Janesville neighbors are on the watch
Cars were getting broken in to. It looked like strangers were lingering in an empty house.
Instead of second-guessing themselves, the neighbors decided to ask the Janesville Police Department for advice.
Twenty neighbors met Friday night in the group’s first neighborhood watch meeting. They were joined by three officers from the Janesville Police Department, who listened to the neighbors’ concerns, offered advice and promised to be supportive of the watch group.
Community service officer Kellie Pearson is leading the department’s efforts to revive neighborhood watch programs across the city.
She brought a 17-page list of calls police made in and around the neighborhood in 2009.
Usually, those reports are only four or five pages, she said.
Most of the crimes were break-ins, burglaries and thefts, according to police data.
“Those are pretty preventable crimes,” Pearson said.
Block captain April Palmer made fliers and invited 50 families to Friday night’s meeting. The watch will include the blocks of Barham, Purvis and Myra avenues between Frederick and Washington streets a few blocks south of Riverside Park just west of the Rock River.
All it took to start the watch group was a call to the Janesville Police Department, Palmer said.
“It was really quite simple,” she said. “It only took about two weeks to get organized.”
The city will post neighborhood watch signs for the Purvis Avenue group.
One hundred neighborhoods are listed as having watch groups in the city, but only about 15 are active according to department standards, Pearson said.
To be active, a neighborhood must meet at least once per year and assign a block captain to head up the efforts.
Neighbors also are encouraged to create a phone tree to share information.
But make sure you’re sharing facts, not rumors, Pearson warned the Purvis Avenue group Friday night.
“There’s a big difference between sharing information and scaring your neighbors and gossiping,” Pearson said.
The officers assured the neighbors that it’s always better to err on the side of caution when deciding whether to call the police to report a possible crime.
“We can’t do anything if we don’t know about it,” officer Bradley Rau said.
One neighbor suggested keeping a log and e-mailing it weekly or monthly to officers rather than calling daily to report non-emergency problems.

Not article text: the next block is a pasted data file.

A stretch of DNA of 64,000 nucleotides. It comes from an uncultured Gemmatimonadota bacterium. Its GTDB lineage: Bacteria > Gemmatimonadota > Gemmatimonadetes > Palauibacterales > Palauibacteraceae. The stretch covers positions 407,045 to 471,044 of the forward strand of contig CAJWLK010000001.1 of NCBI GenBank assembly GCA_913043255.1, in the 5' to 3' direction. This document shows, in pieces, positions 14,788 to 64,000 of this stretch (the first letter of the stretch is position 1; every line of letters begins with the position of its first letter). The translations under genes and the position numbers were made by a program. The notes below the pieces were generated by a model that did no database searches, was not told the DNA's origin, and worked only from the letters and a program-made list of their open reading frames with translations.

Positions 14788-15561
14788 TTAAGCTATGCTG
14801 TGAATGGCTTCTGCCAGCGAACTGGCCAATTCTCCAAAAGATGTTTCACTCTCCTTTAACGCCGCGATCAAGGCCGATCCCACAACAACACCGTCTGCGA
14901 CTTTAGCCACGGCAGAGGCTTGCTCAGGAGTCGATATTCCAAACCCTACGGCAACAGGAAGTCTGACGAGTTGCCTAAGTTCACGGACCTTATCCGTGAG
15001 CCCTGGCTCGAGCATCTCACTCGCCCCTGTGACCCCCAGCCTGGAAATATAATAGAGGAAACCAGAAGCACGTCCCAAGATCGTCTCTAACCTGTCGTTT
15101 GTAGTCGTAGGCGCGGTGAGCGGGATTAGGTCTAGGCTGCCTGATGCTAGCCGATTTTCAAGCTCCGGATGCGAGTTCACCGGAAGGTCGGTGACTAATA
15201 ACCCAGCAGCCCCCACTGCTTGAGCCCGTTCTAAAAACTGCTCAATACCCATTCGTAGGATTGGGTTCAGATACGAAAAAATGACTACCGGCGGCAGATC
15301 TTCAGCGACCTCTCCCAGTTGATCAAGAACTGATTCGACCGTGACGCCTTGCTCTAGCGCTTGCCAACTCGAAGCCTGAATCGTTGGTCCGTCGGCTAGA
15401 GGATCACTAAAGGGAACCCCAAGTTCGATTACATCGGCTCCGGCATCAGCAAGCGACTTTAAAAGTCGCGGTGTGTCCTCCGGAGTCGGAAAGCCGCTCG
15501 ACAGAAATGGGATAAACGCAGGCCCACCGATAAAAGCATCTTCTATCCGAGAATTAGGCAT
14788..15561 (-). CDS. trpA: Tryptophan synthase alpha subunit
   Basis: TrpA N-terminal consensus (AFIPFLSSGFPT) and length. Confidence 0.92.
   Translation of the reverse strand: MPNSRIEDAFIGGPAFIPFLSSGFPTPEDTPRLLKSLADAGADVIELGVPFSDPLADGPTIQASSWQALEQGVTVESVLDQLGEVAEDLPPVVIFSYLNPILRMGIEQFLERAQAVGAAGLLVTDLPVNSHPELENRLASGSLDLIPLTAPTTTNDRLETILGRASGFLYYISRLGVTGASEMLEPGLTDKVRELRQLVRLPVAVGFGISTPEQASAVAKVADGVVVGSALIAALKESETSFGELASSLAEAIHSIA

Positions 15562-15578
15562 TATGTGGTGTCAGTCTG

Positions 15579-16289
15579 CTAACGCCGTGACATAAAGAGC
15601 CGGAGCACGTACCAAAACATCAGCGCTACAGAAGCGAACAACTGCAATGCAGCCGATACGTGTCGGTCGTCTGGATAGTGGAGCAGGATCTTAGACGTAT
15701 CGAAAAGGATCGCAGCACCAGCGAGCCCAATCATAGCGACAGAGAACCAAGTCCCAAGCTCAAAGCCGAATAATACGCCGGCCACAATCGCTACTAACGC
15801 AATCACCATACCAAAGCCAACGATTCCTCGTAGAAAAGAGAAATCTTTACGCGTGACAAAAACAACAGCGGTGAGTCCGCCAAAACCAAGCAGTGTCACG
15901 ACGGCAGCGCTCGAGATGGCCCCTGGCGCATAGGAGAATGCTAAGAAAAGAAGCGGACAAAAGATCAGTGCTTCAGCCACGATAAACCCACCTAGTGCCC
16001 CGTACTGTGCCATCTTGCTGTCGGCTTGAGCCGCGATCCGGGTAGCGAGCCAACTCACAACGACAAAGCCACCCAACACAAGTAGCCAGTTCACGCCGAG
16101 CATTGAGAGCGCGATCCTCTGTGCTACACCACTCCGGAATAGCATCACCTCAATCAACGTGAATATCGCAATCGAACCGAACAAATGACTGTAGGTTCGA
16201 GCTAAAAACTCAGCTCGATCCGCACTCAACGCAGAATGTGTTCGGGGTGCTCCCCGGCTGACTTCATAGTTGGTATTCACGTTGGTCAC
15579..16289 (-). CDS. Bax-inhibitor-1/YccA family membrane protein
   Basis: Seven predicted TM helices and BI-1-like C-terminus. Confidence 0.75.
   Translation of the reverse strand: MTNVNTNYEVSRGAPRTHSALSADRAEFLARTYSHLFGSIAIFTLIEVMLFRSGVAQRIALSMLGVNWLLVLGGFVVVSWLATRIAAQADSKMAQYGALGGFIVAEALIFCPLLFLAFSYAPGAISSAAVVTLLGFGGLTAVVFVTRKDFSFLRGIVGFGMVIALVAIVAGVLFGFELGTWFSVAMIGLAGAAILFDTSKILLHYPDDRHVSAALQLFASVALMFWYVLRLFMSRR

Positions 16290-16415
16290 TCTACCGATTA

The officers reminded the residents that safety comes first. Leave the investigations and the confrontations to the professionals, they said.
“Avoid confrontation in whatever means or manner possible,” Rau said. “Sometimes, confronting somebody will only escalate the situation.”
Three Janesville Police Department officers met last week with a group of 20 neighbors living near Riverside Park on Janesville’s west side. Officers are willing to meet with other groups interested in starting a neighborhood watch program.
Here are some basic safety tips from officers:
-- Don’t leave valuables in your car, even if you’re only going to be gone for a minute. Don’t “hide” them under a blanket or a seat.
“When you put that purse under a blanket, you’re not really hiding your purse,” officer Kellie Pearson said. “You’re basically saying, ‘Steal my purse.’”
-- The most common things taken from cars are electronics of all kinds, cigarettes and loose change.
-- Make a list of the valuables in your home. Take pictures and save serial numbers. Keep the list in a safe place.
-- Use the “nine house model.” Imagine your house in the center of a tic-tac-toe board. The homes in the squares around yours are your “safety perimeter.” Meet with those neighbors, agree to keep an eye on each other’s houses and exchange contact information.
-- If you choose to carry pepper spray, make sure to practice with it before you have to use it. Get your heart rate up before you practice in order to imitate an emergency situation. Buy the pepper spray can that makes a stream, not a fog.
-- Maybe you’re not sure if you’re witnessing a crime, or you don’t want to bother police. Call the Janesville police non-emergency number, (608) 755-3100, and let police professionals decide how important the activity is, officer Brad Rau said.
“It can’t hurt, and it might help,” Rau said.